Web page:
Whether private or governmental, business grants can be very selective which is a critical factor to know when understanding what is a business grant. Loans have no application requisites besides a good credit score, income and assets, making it relatively straightforward to apply for one through most national banks, a few private businesses, or credit unions.
Grants are a little more limited. Both private and governmental grant-makers reserve the right to award their grants subjectively. Every grant listing is created for a specific group.
Governmental grants are more often given to non-profit organizations, scientific and medical efforts, and educational endeavors. Within those groups, grants are made specifically for minority groups, women, and veterans.
Private grants are designed for businesses that portray the mission and vision of the grant-maker and meet the set criteria. For instance, you are starting a sport’s related business and there is a non-profit organization that hopes to further athletics in the community. You may be the perfect candidate for their grant.
Often corporations will offer business grants to applicants working on a product that could benefit the grant-maker or be mass-produced in the future. Comcast’s Innovation Fund offers financial support to entrepreneurs developing open-source software projects. Other limitations may apply within both grant groups, including time in business and the number of employees.
How To Get A Business Grant
Now that we know what is a business grant, how do you get one?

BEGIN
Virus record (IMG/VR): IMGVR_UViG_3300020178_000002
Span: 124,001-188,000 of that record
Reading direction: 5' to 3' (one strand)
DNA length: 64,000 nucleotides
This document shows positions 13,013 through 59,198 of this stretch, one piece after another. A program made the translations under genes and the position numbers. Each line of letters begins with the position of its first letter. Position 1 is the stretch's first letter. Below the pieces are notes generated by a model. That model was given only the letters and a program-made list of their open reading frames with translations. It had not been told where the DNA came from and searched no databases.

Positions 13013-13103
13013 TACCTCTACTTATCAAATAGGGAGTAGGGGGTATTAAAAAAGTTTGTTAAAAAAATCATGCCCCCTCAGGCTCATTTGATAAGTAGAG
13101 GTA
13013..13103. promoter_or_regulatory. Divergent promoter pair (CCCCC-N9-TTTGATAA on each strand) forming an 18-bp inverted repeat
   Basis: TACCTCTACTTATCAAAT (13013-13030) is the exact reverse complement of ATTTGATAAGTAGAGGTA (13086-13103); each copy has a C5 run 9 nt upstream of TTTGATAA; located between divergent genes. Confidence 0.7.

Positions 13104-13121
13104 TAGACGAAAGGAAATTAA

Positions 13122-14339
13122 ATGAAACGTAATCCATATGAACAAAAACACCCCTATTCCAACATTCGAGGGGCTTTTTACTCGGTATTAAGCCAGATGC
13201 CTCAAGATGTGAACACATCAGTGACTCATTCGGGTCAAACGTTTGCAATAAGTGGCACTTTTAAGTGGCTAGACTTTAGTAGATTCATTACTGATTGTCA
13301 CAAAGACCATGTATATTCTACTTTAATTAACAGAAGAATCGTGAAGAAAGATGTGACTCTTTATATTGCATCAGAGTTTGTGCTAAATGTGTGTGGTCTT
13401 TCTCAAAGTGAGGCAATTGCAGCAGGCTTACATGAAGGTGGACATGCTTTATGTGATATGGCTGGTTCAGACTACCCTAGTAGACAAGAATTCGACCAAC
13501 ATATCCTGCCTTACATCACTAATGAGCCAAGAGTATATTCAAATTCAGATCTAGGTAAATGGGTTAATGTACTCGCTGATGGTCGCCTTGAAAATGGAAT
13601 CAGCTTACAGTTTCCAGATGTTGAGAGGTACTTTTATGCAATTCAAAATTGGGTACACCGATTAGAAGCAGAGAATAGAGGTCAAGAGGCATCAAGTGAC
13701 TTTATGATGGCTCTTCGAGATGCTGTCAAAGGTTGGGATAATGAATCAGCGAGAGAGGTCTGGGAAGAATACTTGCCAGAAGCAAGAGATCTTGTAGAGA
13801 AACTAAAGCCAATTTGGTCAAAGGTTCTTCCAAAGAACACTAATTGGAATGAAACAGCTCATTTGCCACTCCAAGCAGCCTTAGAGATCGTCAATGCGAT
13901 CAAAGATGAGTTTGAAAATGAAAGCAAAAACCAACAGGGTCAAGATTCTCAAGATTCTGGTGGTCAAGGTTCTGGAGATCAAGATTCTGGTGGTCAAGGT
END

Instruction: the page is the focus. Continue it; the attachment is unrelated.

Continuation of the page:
It typically starts with the process known as “grant writing.” The first thing to do is think about how your business and its services benefit your town, community, and clients. Additionally, know how much money you would need and what expenses would the funding go to. Be specific. This will help you better understand the kind of grant your project requires.
Keep in mind as well that being unbuttoned up is going to be critical. When it comes down to fundraising keep in mind that it is all about storytelling. For a winning deck, take a look at the template created by Silicon Valley legend, Peter Thiel (see it here) that I recently covered. Thiel was the first angel investor in Facebook with a $500K check that turned into more than $1 billion in cash.
Remember to unlock the pitch deck template that is being used by founders around the world to raise millions below.
Then choose a type, governmental, or private. Once you have chosen, use one of the aforementioned online catalogs to find the grant that best matches you. Every listing will require a different collection of documents, often including business plans and financial projections.
Grant writing will take time. Not every business grant will be meant for you. If you find a complementing listing, a few months might pass before you hear back from the grant-maker, and the answer will not necessarily be the one you were hoping for. Don’t give up. Follow up. When the grant-making agency decides you are the right match, they will contact you and fill you in on how to receive your award and report back.
Hopefully this post provided some perspective on what is a business grant. As you are thinking about putting your materials together the video below might be helpful where I cover in detail how to create a pitch deck.